Programming profile: FX

EVP of series development Gina Balian on the net's anthology-heavy strategy and how it is tapping creators from outside the traditional TV model to tell stories.

gina balian 2U.S. network FX has amassed an enviable slate of original content over the past couple of years with critical darlings The People v. O.J. Simpson: American Crime Story (which won a Primetime Emmy Award in 2016 and a Golden Globe in 2017) and 2017 Golden Globe-winner Atlanta sitting alongside Canadian-shot fare such as The Strain and Fargo, (filmed in Toronto and Calgary, respectively).

The flagship channel of FX Networks, FX aims to program slightly edgier, more premium content that has a wide-ranging and diverse slate of drama and comedy aimed at 18-to-49 year olds. Playback caught up with Gina Balian (pictured), EVP of series development, FX and FX Productions, to find out more about its current slate, how diverse backgrounds in creative staff give the channel a leg up, why anthologies are all the rage and what’s on the horizon.

[Ed note: On Dec. 14, Walt Disney Co. struck a $52.4-billion-deal (CAD $67.4 billion) to acquire the majority of 21st Century Fox's film and TV businesses, including FX.)

What is changing the way you seek out and commission content?
Like most of premium TV right now, we're competing with the best in terms of writers, directors and actors. If you are truly looking for a surprise, you can't ask the same 200 writers to come up with the stories. So I think [all the networks] had to open their doors and take more risks outside the normal channels. I think the whole marketplace is riskier. [Commissioning a new show] is always jumping into the fire. But if you don’t feel that in your gut, maybe you’re not doing something right.

There used to be more of a traditional system for developing a TV show. Often you worked your way up on a staff, then you became “ready” to have your own show, and that meant you had to get hired by a network, a studio [or] a showrunner. There were five or six networks that were doing that, but there just wasn’t that much opportunity. The increasing levels of competition have meant that system has broken down. Now we find writers that are book authors or playwrights, for example, and give them a shot.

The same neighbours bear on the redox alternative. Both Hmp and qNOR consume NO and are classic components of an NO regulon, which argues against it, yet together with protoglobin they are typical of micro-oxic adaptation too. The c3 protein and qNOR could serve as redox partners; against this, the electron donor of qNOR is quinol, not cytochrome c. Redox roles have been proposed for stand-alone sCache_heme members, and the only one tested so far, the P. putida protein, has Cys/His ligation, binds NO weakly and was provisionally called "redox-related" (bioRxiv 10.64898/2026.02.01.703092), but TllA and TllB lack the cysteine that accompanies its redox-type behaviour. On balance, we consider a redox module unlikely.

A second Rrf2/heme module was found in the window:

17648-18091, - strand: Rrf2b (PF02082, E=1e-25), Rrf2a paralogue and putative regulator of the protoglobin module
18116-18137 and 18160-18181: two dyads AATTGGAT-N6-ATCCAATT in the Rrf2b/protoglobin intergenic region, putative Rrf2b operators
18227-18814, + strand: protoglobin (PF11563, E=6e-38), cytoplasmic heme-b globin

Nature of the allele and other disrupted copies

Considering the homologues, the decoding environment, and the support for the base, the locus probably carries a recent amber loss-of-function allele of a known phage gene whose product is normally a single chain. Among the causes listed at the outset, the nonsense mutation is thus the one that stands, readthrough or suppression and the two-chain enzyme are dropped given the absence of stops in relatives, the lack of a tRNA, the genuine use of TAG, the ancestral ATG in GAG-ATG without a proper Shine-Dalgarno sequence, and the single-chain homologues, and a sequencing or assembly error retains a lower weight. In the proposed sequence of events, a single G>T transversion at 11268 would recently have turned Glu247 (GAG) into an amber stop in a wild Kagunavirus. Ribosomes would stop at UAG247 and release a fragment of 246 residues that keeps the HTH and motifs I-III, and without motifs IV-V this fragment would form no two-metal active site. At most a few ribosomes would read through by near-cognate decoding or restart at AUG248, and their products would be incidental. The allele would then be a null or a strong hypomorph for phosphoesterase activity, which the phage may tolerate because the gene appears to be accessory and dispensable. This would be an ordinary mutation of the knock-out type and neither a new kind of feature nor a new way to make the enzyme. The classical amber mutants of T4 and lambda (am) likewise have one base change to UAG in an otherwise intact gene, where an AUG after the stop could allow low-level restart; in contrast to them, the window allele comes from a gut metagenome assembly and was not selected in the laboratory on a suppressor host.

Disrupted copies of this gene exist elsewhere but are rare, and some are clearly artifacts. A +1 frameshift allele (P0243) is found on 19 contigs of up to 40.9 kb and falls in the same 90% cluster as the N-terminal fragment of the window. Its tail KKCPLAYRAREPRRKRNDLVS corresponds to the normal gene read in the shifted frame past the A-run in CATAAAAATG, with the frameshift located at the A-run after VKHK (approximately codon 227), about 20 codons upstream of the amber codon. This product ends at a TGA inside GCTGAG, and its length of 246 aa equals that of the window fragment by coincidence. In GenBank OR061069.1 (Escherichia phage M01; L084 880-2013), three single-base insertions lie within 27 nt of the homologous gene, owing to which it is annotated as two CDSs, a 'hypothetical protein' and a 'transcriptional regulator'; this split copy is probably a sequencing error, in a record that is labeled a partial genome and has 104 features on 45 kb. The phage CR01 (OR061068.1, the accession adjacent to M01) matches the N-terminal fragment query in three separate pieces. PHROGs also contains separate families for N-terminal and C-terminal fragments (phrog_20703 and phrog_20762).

We have a book scout in New York and have also made strategic deals with producers who are not known necessarily for having an expansive history in TV, but come from different backgrounds – the feature world or the theatre world. We’ve used those relationships to help bring more interesting writers and filmmakers to our door.

Which shows have been successful?
One of our biggest ones of the last couple of years was The People v. O. J. Simpson: American Crime Story (2016). We had really big ratings on that show and it became a real cultural talking point. You could see and feel it in the conversation and, as it aired on a week-to-week basis, that conversation grew. We felt we were able to have a really important conversation about race in our country now, as seen through that story. Going forward, that’s how we like to think about our shows: we want to wrap something important that we want to say – and that our artists want to say – into a really entertaining series.

Are there any particular types of content or formats that are resonating at the moment?
The entire TV ecosystem is so fragmented, that it’s hard to lump together a particular trend. Certainly I can say, in terms of new material that’s coming in the door, it feels like there’s still a lot of sci-fi, space[-based series] and genre in the drama marketplace. More generally [in the North American market], I know there are a lot of soaps that are being developed in response to the success of This Is Us.

As well, the anthology series [have been popular on FX]. We have American Crime Story, American Horror Story, Feud and Fargo. Anthologies are pitched frequently to us and are more generally in the market now.

Why does that structure work well?
It gives two things at once: first an umbrella that you can market things toward for multiple years, and second the flexibility to change the story. So you’re giving audiences a small bite of a story, like in a miniseries, but you’re putting it in an umbrella that they can understand. It’s kind of a miniseries-ongoing-series hybrid. A lot of networks are reluctant to program just a miniseries but I think anthologies provide a middle ground.

How can Canadian producers get FX’s attention?
It’s actually surprisingly easy. We have a development team of eight, we read submissions that come in from producers, agents and attorneys and we evaluate them.

Our goal is to make between 14 and 18 iconic shows annually [both new commissions and renewals] and our target audience is 18-to-49 year olds, with an equal focus on males and females. Ultimately what we’re looking for is distinctive drama series, worlds we haven’t seen before, characters that feel fresh and stories that have an element of surprise.

This story first appeared in the Winter 2017 issue  of Playback magazine